Johansson, P. G. (2001). Gods, kvinnor och stickning: tidig industriell verksamhet i Höks härad i södra Halland ca 1750-1870. Diss. Lund Univ., 2001

Kaplan, M. S., & Sánchez, M. (2014). Intergenerational programmes and policies in ageing societies. In S. Harper & K. Hamblin (Eds.), International handbook on ageing and public policy (pp. 367–383). Elgar.

Linghede, E., Larsson, H. & Redelius, K. (2016). (Re)presenting Equestrian “His” tories: Storytelling as a method of inquiry. Sport, Education and Society, 21, 1, 82-95.

Lundqvist, P. (2008). Marknad på väg: den västgötska gårdfarihandeln 1790–1864. Diss. Göteborgs Univ., 2008

Lüscher, K., Hoff, A., ... & Wang, X. (2017). Generations, intergenerational relationships, generational policy: A multilingual compendium, Edition 2017. University of Konstanz. Retrieved 27 August 2020 from

Pentney B. A. (2008). Feminism, activism, and knitting: Are the arts a viable mode for feminist political action. Thirdspace: A J. Feminist Theor. Cult. 8 (1), 23–42.

Riley, Corkhill, B., & Morris, C. (2013). The benefits of knitting for personal and social well-being in adulthood: Findings from an international survey. The British Journal of Occupational Therapy, 76(2), 50–57.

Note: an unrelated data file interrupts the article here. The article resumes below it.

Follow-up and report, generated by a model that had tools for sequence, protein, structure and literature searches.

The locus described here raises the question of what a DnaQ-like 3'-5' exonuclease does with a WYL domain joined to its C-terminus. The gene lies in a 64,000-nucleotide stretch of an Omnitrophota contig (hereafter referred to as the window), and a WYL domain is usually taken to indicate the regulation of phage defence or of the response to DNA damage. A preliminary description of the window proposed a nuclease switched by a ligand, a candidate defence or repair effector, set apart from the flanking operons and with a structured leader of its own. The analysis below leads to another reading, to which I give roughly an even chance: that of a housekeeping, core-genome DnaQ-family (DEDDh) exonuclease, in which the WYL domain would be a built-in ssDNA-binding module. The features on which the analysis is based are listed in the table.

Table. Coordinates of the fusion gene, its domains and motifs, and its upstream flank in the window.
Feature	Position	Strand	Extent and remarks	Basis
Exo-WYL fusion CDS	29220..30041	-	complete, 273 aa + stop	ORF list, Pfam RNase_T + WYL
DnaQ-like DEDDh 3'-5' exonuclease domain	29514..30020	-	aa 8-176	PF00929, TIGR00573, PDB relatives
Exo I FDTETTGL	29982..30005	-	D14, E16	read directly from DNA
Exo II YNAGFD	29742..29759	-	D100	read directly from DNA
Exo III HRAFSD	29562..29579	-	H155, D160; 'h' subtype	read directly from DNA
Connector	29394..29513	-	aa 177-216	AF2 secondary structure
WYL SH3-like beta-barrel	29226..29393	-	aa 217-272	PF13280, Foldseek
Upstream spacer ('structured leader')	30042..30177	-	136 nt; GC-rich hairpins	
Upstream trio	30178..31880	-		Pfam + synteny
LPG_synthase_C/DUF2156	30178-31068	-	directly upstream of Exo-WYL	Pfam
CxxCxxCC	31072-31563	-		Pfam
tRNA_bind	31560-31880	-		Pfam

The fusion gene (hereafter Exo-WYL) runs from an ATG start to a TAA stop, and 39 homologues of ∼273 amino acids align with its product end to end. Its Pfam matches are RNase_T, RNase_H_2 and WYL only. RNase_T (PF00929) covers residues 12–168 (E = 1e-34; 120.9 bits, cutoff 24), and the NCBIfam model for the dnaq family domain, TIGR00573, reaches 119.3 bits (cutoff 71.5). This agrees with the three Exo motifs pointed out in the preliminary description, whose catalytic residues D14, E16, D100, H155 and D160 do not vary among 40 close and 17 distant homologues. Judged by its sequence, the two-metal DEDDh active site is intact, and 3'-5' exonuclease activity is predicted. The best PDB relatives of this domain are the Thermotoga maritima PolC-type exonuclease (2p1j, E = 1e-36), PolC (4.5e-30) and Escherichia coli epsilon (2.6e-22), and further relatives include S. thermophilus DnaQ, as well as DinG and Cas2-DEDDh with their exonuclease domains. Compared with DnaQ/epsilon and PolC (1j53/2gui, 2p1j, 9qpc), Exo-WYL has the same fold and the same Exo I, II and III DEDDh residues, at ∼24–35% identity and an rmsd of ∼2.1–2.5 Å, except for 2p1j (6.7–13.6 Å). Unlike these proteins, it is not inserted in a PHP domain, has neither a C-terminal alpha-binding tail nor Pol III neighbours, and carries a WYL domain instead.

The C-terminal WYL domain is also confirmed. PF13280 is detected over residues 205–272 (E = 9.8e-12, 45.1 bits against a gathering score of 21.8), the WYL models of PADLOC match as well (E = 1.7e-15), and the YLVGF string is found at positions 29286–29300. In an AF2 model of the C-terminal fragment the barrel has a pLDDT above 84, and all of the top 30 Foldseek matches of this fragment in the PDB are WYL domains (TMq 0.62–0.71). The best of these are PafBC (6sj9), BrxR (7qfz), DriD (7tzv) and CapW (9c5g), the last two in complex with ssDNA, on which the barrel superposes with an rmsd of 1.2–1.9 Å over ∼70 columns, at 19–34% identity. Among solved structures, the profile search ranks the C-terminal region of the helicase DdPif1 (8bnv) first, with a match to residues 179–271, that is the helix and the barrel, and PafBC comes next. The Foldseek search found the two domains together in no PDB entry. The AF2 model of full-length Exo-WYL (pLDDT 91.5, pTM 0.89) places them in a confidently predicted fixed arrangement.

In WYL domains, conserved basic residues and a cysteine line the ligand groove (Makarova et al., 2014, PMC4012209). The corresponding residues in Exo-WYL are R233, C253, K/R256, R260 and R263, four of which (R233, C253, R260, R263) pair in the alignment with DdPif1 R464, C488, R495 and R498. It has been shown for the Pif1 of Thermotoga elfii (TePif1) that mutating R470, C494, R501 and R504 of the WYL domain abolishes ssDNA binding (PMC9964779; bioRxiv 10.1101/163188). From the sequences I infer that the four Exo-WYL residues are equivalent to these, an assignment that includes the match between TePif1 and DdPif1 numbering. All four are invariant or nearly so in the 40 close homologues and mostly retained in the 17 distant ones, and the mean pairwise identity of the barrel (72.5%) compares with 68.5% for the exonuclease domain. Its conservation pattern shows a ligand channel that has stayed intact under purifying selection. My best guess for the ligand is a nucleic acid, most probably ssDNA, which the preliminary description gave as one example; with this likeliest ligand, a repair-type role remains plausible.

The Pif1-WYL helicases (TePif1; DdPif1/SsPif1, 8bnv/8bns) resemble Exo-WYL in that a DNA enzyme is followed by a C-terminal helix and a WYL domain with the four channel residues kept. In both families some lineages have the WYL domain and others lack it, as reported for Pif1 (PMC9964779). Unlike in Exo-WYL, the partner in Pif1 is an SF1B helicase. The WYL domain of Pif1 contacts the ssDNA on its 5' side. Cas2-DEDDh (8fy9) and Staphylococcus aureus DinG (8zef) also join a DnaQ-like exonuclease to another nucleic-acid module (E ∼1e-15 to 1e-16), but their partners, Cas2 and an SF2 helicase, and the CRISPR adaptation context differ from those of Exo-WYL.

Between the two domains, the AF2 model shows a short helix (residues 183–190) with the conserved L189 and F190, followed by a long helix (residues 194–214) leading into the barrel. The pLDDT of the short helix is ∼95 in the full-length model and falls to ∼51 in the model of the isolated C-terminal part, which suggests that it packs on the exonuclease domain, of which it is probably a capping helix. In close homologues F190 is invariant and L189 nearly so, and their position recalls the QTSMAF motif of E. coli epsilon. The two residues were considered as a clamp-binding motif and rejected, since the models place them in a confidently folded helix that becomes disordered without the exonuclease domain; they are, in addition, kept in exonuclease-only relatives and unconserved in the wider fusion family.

Rosner, D. K., & Ryokai, K. (2008). Spyn: augmenting knitting to support storytelling and reflection. Proceedings of the 10th International Conference on Ubiquitous Computing, 340–349.

Sánchez, M., & Díaz, P. (2021). Intergenerational relationships. In D. Gu & M. E. Dupre (Eds.), Encyclopedia of gerontology and population aging. Springer.

Stake, R. E. (1995). The art of case study research. Sage.

Stake, R. E. (1978). The case study method in social inquiry. Educational Researcher, 7(2), 5–8.




How to Cite

Bjursell, C., Boström, A.-K., & Dybelius, A. (2023). Intergenerational learning in a changing world. Knitting generations together. Ricerche Di Pedagogia E Didattica. Journal of Theories and Research in Education, 18(2), 51–65.